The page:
the main track would break up into several tracks which left
me guessing and forget about asking somebody for directions,
there were no sign boards either. To check if I was on the right
track, I rode in direction of the salt field in a distance.
The desert plays tricks on the mind when it comes to distances,
what looks like a couple of kilometers away is much further.
Luckily there was one family staying near the salt pans to guard
it, I asked them the directions and they told me I was on a
wrong track, they told me to turn back and turn left on a certain
track. There was no way I could identify the dirt track I rode
to reach here, forget about the track from where I had to turn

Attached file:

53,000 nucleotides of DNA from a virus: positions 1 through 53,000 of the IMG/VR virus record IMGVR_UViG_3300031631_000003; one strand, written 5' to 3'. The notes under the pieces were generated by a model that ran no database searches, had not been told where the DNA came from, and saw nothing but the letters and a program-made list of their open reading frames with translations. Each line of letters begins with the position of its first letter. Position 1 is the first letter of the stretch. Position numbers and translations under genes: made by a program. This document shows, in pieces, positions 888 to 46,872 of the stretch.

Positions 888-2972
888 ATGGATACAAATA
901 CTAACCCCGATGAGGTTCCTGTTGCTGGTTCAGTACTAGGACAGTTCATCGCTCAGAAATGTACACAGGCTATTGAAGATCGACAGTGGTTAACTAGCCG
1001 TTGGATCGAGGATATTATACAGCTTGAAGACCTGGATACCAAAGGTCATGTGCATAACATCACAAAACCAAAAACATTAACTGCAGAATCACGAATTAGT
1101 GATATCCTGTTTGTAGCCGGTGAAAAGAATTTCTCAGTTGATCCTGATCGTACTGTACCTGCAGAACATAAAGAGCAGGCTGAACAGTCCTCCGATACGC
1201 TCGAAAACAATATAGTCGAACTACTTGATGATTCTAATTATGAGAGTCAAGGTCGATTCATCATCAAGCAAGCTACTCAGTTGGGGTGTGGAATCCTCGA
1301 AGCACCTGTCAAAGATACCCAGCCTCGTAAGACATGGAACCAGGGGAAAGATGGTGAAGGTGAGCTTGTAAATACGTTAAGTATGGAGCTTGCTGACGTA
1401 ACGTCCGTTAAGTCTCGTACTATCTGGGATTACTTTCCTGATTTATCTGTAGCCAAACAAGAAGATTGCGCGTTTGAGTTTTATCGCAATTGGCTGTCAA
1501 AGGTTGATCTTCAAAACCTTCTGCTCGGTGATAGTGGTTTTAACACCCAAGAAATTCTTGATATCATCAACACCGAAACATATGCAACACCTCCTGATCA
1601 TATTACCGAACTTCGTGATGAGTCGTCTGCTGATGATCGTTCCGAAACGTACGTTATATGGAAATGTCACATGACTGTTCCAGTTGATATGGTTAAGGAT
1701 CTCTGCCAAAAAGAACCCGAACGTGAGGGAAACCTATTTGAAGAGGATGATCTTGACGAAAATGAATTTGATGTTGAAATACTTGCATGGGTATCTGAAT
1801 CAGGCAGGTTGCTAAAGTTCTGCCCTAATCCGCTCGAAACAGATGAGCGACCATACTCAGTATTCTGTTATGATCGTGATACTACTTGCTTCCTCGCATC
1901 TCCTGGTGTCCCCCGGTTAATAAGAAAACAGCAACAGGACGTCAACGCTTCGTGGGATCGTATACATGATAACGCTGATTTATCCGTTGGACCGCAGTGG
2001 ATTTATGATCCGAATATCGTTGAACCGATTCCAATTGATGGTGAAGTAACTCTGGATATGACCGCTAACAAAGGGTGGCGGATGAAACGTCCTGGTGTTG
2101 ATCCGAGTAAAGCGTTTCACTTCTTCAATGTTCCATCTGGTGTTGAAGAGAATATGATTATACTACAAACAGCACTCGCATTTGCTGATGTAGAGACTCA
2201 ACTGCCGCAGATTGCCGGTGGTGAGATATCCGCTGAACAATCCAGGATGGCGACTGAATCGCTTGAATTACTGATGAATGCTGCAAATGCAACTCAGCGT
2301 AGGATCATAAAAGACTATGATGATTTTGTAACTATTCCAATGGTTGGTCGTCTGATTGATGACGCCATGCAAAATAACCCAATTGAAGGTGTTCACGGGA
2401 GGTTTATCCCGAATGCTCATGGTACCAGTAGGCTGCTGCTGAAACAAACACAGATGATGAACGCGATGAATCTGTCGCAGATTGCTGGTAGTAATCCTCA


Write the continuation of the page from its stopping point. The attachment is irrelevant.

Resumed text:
left, so I told him to tell me the way from the salt pan. He
pointed at a small mountain 30 Kms. away and told me “
Just keep on riding in direction of that mountain, at the base
of the mountain you will get the dirt track which will take
you out of the desert”
Now I was making my own road, there were no dirt tracks going
from the saltpan to the mountain. I kept on riding in direction
of the mountain. The surface of the earth was cracked, very
hard and riding on it was as smooth as riding on a tar road.
Occasional sand patches and mud patches did appear, which the
locals later told me were formed after the 26th January 02’
killer earthquake. As the mountain came closer, desert started
playing tricks again, everything looked fine from a distance
but when I got closer it was again guess work. Trial and error
and I reached the base of the mountain where I touched the main
dirt track, which would lead me to the other end of the desert.